Saturday, February 6, 2016

So you're going to a Canada-themed party, eh?

Time for another episode of Cooking with the Doctors! Despite the fact that we have 22 years of post-graduate training, 2.75 masters degrees, and 2.75 doctoral degrees between us, every foray into the kitchen is liable to turn into an adventure, so we advise you to please buckle your seatbelts, keep your arms and legs inside the car, and enjoy the ride!

As I mentioned in an earlier post, at last year's potluck holiday party, I brought store-bought Swedish meatballs. This year's party was "Canada themed" in honor of one of our deans. Googling around for some ideas, I hit upon a kind of Quebecois pork pie called tourtière. It's pronounced something like "tawr-tyehr" with rolled "r"s. It is definitely not pronounced like this automatic pronunciation. (Warning, do not drink anything while listening!) I decided to make one for the party, one for us to eat the next week, and one for a friend who had just had a baby. This is the recipe I used, and these are the steps it took to produce lovely, steaming meat pies.

Step 1--Research ingredients. Unfortunately, our grocery store does not sell green ketchup--they didn't even have canned green tomatoes so I could make my own condiment. I also couldn't find dried savory, which Dear Husband found incredible. "Look next to the ground delicious," he said.

Step 2--Ask the home inspector to please, please, please fix the wiring to the oven that he tripped because the previous owner's father "the electrician" mixed up the line and load so that we can actually bake with it today.

Step 3--The recipe has no instructions for making the crust, so set DH to researching and then preparing three. When he is two cups of flour short of a pie crust, send him to the grocery store.

Step 4--Chop onions finely and celery chunkily. (Narrowly) avoid amputating distal ends of any digits.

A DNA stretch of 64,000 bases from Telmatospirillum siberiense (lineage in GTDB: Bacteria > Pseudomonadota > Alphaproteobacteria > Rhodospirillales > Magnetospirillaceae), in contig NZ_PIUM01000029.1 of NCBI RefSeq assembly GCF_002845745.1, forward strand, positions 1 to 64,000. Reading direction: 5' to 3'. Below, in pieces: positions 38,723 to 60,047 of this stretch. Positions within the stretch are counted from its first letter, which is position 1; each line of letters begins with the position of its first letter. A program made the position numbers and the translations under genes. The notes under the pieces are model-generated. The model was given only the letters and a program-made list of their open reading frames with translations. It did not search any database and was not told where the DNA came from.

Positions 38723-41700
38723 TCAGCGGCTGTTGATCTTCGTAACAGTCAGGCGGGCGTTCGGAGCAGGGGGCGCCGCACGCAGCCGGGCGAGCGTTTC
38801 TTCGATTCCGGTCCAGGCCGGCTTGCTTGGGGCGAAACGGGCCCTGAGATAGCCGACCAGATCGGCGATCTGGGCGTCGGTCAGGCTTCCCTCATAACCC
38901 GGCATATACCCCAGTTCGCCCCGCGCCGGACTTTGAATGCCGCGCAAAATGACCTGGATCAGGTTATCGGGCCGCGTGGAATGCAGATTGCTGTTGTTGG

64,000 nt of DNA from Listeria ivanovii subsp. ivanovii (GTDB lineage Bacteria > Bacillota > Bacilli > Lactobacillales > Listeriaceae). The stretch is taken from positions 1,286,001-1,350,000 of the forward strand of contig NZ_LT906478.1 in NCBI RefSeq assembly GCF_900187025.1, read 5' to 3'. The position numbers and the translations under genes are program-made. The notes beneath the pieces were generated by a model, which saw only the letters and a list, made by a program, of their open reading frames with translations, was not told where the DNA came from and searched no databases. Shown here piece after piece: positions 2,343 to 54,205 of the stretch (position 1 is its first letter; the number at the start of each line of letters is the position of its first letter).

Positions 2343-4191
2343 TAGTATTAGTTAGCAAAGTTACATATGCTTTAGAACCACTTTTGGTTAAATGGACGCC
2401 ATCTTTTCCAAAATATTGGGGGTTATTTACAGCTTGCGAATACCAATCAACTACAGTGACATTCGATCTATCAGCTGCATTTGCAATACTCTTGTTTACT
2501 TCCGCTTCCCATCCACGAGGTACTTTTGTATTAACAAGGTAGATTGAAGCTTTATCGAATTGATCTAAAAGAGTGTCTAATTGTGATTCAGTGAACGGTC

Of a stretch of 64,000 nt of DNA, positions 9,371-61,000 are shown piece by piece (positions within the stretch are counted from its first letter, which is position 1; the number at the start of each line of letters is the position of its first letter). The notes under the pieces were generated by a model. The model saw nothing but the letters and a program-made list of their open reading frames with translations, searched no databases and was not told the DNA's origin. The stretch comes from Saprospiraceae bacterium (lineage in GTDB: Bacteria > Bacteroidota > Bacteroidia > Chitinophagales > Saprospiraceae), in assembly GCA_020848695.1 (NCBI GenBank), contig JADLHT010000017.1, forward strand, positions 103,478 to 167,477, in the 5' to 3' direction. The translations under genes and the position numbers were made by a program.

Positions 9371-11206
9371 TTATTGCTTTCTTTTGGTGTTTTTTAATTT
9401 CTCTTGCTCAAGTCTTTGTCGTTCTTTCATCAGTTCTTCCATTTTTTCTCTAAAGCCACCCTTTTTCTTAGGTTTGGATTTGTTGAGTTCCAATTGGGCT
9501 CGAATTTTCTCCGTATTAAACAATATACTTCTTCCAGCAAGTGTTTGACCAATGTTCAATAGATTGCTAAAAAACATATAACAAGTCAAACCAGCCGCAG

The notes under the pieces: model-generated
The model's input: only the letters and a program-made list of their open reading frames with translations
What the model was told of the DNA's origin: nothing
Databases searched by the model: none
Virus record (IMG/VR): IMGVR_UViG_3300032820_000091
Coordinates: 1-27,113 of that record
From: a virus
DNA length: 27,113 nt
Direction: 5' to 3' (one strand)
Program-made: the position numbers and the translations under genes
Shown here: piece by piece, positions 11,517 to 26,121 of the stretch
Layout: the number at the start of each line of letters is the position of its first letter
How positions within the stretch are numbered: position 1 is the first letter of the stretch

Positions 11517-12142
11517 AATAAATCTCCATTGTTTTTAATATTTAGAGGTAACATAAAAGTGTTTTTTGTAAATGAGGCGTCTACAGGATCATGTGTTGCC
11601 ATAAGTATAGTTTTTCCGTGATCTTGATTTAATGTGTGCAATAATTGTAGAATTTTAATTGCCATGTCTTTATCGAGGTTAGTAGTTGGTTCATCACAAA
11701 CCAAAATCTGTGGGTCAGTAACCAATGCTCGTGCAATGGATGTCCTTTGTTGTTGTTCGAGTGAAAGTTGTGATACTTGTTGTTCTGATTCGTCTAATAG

Step 5--Run interference with the carpet installers, who still haven't finished the job they supposedly did two days ago.

Step 6--Start heating the oven. Smell the juices in the broiler. Remove broiler pan, spilling the juices. At least both the inspector and the carpet guys have left.

Step 7--Realize the recipe lists the cooking time incorrectly as 55 minutes instead of 1 HOUR and 55 minutes. Turn off the oven.

Step 8--Cook meat, water, veggies, and spices in three large pots on the stove. (Make sure you break the bay leaves in half; I think that activates them.) When tasting the supernatant halfway through after salting, realize they are too peppery. Make mental note for next time to halve the amount of pepper. If there even is a next time.

Step 9--Discover that the recipe as written already suffices for TWO pies. Having tripled the recipe, we made enough filling for SIX pies. Implore DH to make another pie crust. The last batch of meat will have to be divided and frozen since we only "have" four pie plates. (Hi, MIL!)

Step 11--Skip "Step 10--Cool meat mixture," because otherwise will be late to party. Retrieve bay leaves, strain mixture, and fill four pie crusts. Cut appropriate vents in top crust (maple leaf, hockey sticks, shirtless lumberjack). Brush with beaten egg.

Step 12--Bake the first two pies as instructed. Well, almost. Adjust temperature down when you remember. Realize too late that you forgot to stir in the oats during the last 2 minutes of stovetop cooking. Add oats to the pot still on the stove and the two as-yet-topless pies. Top pies and divide extra meat for freezing.

Step 13--Change into your best flannel or hockey jersey, grab the winter hat with the ear flaps, and practice being excruciatingly nice to everyone.

Bon appétite!

There was LOTS of good food at the party. This is my first plate, clockwise from 12 o'clock: tourtière, poutine, cold bean salad, and "Moose Moss in Sauce," a hot broccoli and fried onion dish. There was also nanaimo (aka "Canadian crack," a decadent chocolate brownie thing), maple-glazed bacon, peppermint bark, maple sugar candy, venison guisado, pumpkin cookies, ginger snaps, madeleines, and Tater Tot Hot Dish from Minnesota, which is basically like South Canada, roight?

The tourtière certainly looked impressive, and the crust was lovely and flaky, but I felt that the innards were dry and crumbly, most likely a result of not having been allowed to cool and congeal in a snow bank. (Seriously, that was the recipe writer's instruction!) But surprisingly not too peppery. So it's leaner and maybe healthier but doesn't hang together well. You know what would have helped that? Green ketchup. Sorry aboot that.


  1. Kristen, Nora of the North greatly appreciates your cooking,DH's considerable contributions, your appropriately Canadian behaviours and dress,and this lovely blog. Thank you!!!


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